And while their new dog, Buddy, has adapted to the bossiness of their young children and has developed a penchant for sock consumption, he has also kept the adults’ thoughts focused in the moment. Tending to his needs has served as a reminder of their own.

“When you see it working, you’re in total comfort,” Ms. Gatlin said.

Even the school’s chaplain, Matthew Sullivan, found that the stories of new puppies being shared each day in chapel were “wearing me down in a good way.”

“I kind of wanted to enter into the experience of all these families firsthand,” he said.

Now Hank, a slightly anxious, floppy-eared Scooby-Doo doppelgänger, has been adopted into his home, which had been a little empty without his grown children.

The Alternatives

Not everyone got a dog.

For the McLeans, the solution was two rabbits.

“It’s an incredible distraction to their reality,” Abby McLean said of her children, cupping her hands to mimic cradling a rabbit on her shoulder. “I find myself occasionally doing it as well.”

Another family added Ginny, a tortoise with a possible seven-decade life span, to the mix of animals already in their house.

“For having lost people early in life — there was something that equated to me in that, that there was a longevity to it, to a tortoise,” said Phil Shay, who picked out the tortoise with his 12-year-old daughter, Ever.

Still, the dogs far outnumber the other pets. And every day they can make a little difference.

The first night that George, Jude and Amos Bolton had tried to sleep alone without their parents after the shooting, the slightest grumble from the ice machine or the dryer had been too much. Their mother, Rachel, who had maintained that she liked dogs, just not in her house, soon agreed to take in Hudson, a miniature Goldendoodle puppy with doe-like eyes and wild curls.

“We didn’t realize the dogs could create comfort for people,” Jude, now 10, said, his hands ruffling Hudson’s ears. And when Hudson came home, he added, “he’s just been comforting us ever since.”

It is now easier to sleep through the night, safe with the knowledge that Hudson is there.

“All my friends joke, they’re like, ‘I can’t believe you’re a dog person now,’” Ms. Bolton said. But this dog, she added, “has healed this family.”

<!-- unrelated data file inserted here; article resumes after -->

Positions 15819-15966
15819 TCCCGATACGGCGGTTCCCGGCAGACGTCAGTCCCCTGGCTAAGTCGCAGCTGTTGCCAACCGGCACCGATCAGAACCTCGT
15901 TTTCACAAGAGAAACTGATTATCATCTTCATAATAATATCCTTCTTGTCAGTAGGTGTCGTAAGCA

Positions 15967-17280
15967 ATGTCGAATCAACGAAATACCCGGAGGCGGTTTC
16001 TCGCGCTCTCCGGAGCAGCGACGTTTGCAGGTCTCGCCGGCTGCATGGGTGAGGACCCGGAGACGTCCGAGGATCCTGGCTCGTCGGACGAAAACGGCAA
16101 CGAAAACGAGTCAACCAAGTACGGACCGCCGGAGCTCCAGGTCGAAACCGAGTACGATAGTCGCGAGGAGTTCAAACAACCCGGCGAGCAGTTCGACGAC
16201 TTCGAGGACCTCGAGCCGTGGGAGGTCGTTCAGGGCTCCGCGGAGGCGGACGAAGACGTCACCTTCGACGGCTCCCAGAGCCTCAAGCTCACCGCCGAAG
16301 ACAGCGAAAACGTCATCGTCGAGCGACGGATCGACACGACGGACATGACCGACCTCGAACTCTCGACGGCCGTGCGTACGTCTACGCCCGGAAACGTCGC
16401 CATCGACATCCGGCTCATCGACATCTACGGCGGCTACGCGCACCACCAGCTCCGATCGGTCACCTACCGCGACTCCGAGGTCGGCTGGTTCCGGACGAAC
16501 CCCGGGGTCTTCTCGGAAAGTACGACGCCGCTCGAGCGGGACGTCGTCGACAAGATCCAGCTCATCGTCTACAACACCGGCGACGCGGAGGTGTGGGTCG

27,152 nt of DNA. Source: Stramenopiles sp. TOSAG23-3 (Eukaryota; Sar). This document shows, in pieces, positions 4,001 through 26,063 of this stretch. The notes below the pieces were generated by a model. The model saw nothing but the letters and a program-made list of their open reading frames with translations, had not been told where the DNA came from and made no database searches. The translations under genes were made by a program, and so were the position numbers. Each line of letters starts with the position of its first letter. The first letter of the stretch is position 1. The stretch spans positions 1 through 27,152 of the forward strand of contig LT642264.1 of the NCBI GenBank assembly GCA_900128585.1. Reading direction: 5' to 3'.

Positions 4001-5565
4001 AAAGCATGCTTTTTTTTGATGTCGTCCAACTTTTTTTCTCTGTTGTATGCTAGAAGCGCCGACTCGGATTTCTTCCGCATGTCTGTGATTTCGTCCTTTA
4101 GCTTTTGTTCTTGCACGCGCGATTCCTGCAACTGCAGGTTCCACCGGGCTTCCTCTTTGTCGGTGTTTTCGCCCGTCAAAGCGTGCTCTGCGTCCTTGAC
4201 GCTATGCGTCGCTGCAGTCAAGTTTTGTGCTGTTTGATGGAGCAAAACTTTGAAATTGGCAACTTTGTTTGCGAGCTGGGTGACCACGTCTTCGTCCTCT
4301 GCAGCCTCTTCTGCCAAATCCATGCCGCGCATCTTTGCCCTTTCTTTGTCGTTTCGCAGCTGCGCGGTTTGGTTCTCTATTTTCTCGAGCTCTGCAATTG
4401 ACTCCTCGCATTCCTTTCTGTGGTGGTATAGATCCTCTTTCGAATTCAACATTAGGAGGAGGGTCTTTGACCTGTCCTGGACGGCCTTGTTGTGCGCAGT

Read by Emily Cochrane

Audio produced by Patricia Sulbarán .

Emily Cochrane is a national reporter for The Times covering the American South, based in Nashville. More about Emily Cochrane

Erin Schaff is a photojournalist for The Times, covering stories across the country. More about Erin Schaff

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  1. FREE 7+ Commentary Writing Samples and Templates in PDF

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  1. Commentary Essay ⇒ Writing Guide with Analysis Examples

    What Is a Commentary Essay? (As a Separate Paper) A commentary essay is a written piece that provides an opinion on a particular subject. This type of essay is usually written in response to another piece, such as a blog post, article, or book passage.In a commentary essay, the writer will typically offer their own take on the situation, using evidence and examples to support their claims.

  2. From Summary to Insight: A Guide to Writing Commentary Essays with Depth

    As a student writing a commentary essay, it is important to understand the differences between analyzing, summarizing, and evaluating. To help comprehend these contrasts, let's take a look at four main points: 1. Analyzing - Looking closely at something and breaking it down into smaller parts to better understand it.

  3. 3 Ways to Write a Commentary

    Make sure to use smooth transitions. When you move to a new example, use a good transition word or phrase. Some examples are "similarly", "conversely", and "again". 6. Write a strong conclusion. Your conclusion is the piece that will tie the rest of your commentary together. Make sure to include a summary of your argument.

  4. What Is a Commentary in an Essay

    1️⃣ Close, Direct Analysis of Passages. An example of an alternative commentary is a close, direct analysis of robust passages from the source, such as an article, film, poem, literary work, book, or novel. In this respect, they are standard in bigger writing projects, like expositions or being part of a critic's work.

  5. How to Write a Good Essay: Stop Summarizing, Start Commentating

    Rule Two: Maintain a 2:1 Ratio of Commentary to Summary. In general, you should provide approximately two points of commentary for every specific detail you offer. While summary is still important for giving your reader context, commentary is critical to writing a good essay.

  6. Five Ways to Target Commentary for Essay Writing

    The "This Shows That" Method. This is also another very basic method for targeting commentary, but it WORKS! In this method, students begin a sentence after textual evidence with the words, "This shows that…". Be beginning with these words, students are forced to explain what the quotation shows rather than what it says.

  7. Commentary Essay Example, Writing Guide, and Tips

    Key Components of a Commentary Essay. 1. Introduction: Begin your essay with a captivating introduction that presents the topic and provides context for the reader. 2. Thesis Statement: Craft a clear and concise thesis statement that outlines your main argument or perspective. 3.